I think we too often set goals badly, and one of the mistakes we make is to set single-point goals, instead of a spectrum of success.
Let’s consider a sales rep in a pretty standard sales office. Meeting quota – making the minimum number of required sales in a given time period – is absolutely one kind of success. Another is being in the top 20%. Another is being at the top of the leaderboard that month. Another is setting a new record.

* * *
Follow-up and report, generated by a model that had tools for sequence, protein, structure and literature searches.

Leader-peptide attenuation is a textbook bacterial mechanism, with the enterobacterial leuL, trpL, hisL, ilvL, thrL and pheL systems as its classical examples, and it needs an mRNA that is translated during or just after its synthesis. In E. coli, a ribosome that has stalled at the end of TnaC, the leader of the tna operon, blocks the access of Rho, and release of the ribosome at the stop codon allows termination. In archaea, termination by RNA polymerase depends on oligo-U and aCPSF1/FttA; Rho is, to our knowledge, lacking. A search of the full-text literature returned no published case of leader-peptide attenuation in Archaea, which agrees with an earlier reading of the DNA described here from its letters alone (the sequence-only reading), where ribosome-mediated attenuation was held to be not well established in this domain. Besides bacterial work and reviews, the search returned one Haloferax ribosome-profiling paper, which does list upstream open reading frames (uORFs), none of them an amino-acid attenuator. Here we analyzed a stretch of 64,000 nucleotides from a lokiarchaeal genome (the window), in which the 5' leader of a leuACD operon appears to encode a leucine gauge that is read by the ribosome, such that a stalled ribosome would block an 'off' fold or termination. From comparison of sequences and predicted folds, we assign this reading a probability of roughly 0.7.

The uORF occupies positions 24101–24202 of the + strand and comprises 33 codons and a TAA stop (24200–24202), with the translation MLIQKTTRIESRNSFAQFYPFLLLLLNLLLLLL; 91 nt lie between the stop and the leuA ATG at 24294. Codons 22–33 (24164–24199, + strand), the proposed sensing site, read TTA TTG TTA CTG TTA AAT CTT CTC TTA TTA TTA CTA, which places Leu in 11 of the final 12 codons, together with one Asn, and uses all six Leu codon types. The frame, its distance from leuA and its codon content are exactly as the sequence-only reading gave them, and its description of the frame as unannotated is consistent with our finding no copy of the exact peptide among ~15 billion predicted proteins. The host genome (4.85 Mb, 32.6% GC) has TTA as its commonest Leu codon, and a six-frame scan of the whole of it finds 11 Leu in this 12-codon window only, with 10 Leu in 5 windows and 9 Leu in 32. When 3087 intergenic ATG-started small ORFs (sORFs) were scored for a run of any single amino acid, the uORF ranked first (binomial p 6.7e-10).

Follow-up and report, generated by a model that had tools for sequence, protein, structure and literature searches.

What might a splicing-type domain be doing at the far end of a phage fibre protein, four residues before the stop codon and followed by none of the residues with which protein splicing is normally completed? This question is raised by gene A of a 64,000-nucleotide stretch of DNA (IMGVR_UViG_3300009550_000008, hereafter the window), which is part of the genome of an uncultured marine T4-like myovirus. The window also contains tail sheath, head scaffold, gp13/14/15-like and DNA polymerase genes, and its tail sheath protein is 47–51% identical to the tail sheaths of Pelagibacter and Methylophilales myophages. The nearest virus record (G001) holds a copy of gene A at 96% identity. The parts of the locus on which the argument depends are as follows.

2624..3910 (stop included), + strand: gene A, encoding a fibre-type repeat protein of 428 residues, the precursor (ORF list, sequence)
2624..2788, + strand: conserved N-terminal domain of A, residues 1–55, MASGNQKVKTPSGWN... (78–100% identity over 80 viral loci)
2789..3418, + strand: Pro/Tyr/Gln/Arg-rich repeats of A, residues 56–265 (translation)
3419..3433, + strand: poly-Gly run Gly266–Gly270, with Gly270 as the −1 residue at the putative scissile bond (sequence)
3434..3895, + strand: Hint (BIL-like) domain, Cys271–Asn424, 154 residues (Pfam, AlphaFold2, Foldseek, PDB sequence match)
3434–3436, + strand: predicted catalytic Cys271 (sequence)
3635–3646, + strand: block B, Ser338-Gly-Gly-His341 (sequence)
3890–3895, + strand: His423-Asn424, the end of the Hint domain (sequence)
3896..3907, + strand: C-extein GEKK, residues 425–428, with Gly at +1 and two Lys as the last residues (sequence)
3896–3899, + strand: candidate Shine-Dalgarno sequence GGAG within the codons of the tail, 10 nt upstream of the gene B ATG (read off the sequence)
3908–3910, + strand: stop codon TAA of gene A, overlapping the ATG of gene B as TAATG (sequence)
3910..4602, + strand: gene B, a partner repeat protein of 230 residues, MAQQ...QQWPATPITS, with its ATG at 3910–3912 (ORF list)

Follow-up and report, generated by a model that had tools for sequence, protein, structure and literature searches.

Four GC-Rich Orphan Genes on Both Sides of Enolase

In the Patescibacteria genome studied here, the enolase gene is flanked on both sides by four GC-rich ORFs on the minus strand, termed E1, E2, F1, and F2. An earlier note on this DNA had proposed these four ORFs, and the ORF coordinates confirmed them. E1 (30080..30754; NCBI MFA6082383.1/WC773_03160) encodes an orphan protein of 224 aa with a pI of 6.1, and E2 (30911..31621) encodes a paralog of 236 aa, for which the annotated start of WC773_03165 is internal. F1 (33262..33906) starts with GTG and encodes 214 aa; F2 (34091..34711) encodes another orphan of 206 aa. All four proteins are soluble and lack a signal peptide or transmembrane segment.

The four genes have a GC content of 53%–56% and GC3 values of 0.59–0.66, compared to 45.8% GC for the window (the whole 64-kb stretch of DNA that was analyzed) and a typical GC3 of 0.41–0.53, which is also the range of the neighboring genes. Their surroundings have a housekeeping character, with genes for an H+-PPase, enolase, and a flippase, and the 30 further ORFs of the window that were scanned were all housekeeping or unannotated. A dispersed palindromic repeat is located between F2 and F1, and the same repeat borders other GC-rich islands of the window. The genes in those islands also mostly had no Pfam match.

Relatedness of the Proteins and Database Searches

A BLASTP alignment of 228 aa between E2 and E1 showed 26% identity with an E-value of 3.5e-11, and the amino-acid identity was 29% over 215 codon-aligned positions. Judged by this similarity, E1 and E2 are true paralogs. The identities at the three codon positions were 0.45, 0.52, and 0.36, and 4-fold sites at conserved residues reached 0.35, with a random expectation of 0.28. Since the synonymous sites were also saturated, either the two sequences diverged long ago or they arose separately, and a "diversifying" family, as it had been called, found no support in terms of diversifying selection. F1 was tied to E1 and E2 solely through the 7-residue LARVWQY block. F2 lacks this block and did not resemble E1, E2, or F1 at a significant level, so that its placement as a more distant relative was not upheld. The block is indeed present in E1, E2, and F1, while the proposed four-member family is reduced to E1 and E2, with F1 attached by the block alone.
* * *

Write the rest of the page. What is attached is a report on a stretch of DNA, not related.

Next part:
There’s nothing wrong with ambition – aim for that record! But don’t make that your only goal, and the only way you define success for yourself. Set up “stretch goals,” so that you can react to the conditions you see. Define success in a range so you can gather data without telling yourself that you’ve failed.
This doesn’t mean that you should define your spectrum of success so broadly that you essentially don’t have goals at all. I’m not a fan of participation trophies. But it means that you have to run half a mile before you can run a mile anyway, so you should set some targets in between and make “growing” a big part of your definition of success.